Facebook, Twitter changed UK political journalism
A new Oxford university study shows that methods of electioneering and political reporting during the recent British General Elections have changed for good.
London: A new Oxford university study
shows that methods of electioneering and political reporting
during the recent general elections in Britain have changed
for good because of Facebook and Twitter.
The study`s findings have some implications for India
where politicians increasingly use Twitter to post their
messages that are then picked up by journalists to use in
their political reporting.
It concludes that lessons were learned by journalists
and politicians on how to harness the power of social
networking sites, which contributed to `unprecedented levels
of participation` and voter turnout at the May 6 election,
particularly among voters aged between 18-24 years old.
The study, published by Oxford University`s
Institute for the Study of Journalism (RISJ), reveals how
social media websites were used by more than 200 18-24 year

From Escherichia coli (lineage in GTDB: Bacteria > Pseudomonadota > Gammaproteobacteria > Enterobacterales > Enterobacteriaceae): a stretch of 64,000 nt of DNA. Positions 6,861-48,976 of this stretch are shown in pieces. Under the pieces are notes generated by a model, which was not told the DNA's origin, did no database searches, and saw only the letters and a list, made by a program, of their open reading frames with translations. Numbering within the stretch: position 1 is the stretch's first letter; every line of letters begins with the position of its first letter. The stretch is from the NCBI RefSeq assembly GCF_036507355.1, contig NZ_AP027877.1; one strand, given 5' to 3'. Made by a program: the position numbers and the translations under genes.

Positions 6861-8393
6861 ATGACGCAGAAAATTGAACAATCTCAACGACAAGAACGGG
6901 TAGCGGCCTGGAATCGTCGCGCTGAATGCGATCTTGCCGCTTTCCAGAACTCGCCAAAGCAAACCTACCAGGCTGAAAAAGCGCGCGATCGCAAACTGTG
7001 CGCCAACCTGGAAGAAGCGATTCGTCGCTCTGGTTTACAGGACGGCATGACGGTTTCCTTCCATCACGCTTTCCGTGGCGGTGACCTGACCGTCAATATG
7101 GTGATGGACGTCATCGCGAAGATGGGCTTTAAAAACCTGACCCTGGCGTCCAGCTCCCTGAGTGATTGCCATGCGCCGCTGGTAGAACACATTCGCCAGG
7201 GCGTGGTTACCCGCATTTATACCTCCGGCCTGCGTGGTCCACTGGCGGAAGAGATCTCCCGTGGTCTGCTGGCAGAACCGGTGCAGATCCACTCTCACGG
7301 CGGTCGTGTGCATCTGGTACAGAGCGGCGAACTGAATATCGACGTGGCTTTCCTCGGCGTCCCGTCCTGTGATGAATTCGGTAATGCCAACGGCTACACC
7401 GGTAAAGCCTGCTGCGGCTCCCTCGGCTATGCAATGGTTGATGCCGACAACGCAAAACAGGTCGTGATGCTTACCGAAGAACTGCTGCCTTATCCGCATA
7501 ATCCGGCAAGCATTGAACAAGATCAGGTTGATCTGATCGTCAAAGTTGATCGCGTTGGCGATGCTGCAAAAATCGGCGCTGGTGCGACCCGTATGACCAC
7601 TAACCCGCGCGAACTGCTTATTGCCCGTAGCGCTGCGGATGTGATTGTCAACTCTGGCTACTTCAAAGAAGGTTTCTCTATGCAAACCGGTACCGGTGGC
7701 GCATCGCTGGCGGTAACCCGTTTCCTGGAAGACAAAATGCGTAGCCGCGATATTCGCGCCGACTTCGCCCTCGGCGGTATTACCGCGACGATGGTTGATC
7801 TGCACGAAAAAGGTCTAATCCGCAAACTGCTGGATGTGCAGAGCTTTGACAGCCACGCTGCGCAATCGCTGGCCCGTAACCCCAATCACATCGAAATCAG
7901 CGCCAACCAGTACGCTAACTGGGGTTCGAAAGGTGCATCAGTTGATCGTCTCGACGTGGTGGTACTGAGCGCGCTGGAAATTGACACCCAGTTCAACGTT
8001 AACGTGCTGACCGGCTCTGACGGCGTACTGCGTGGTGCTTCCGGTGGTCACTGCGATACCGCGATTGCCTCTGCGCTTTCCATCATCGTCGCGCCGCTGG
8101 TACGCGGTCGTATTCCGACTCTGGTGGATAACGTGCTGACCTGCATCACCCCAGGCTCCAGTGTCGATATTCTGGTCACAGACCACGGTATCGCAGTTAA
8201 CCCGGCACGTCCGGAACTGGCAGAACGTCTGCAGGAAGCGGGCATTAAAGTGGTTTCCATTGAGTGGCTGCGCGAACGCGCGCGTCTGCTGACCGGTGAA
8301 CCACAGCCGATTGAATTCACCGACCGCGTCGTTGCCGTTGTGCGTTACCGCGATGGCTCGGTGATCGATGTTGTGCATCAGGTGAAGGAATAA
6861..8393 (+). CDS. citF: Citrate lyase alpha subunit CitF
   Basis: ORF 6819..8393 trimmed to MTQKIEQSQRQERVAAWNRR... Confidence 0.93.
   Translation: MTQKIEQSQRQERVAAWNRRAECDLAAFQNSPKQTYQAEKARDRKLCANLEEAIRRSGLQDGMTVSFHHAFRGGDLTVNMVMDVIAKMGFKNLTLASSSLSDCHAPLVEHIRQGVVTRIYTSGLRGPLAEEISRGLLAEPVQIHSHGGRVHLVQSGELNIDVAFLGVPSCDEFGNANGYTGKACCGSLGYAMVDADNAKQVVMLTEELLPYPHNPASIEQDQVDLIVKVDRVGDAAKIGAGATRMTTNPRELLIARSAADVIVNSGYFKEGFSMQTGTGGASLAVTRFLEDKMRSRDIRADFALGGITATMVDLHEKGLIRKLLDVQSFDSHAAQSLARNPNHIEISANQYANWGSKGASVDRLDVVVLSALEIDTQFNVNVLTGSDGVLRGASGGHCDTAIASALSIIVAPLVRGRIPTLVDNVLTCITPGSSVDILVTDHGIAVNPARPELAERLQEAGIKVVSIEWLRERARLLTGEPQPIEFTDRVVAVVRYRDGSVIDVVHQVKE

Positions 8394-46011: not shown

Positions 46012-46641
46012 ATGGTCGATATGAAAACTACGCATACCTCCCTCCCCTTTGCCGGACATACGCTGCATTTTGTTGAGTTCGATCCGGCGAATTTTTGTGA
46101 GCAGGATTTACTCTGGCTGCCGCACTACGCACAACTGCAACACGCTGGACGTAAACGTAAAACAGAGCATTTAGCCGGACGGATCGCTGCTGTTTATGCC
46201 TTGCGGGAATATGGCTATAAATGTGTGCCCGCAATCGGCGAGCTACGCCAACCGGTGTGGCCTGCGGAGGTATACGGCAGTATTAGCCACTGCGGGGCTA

olds during the week of the UK election.
An online survey, conducted for RISJ, shows that
nearly all of the 18-24 year olds used Facebook during the
election period and engaged in `extremely high` levels of
activity, using social media to discover and share content,
discuss the election, or join Facebook groups and polls.
The poll, conducted 3-8 May 2010, sought to indicate
trends and does not claim to be statistically representative.
However, the study reflects the findings of a
nationwide survey in which a quarter of 18-24 year olds said
they had used social networks to comment on the general
election, and 81 per cent of them expressed an interest in the
The survey also suggests that this age group
generally consumes most of their political information online.
Online news sources may be at the expense of
newspapers and broadcasters, but the study says traditional
forms of media have `normalised` their use of social media,
both as source material and to extend their own service.
Newspaper and broadcast news websites are providing
live blogs, digital correspondents, republication and
retransmission, which has `helped to amplify the impact of
social media even further`, says the study.
The success of a targeted campaign by the Electoral
Commission to increase registration is also highlighted.
The study says after a social media tie-in with
Facebook and ads on TV and radio, half a million people used
the registration form on the Electoral Commission website,
almost half of them aged between 18-24 years old.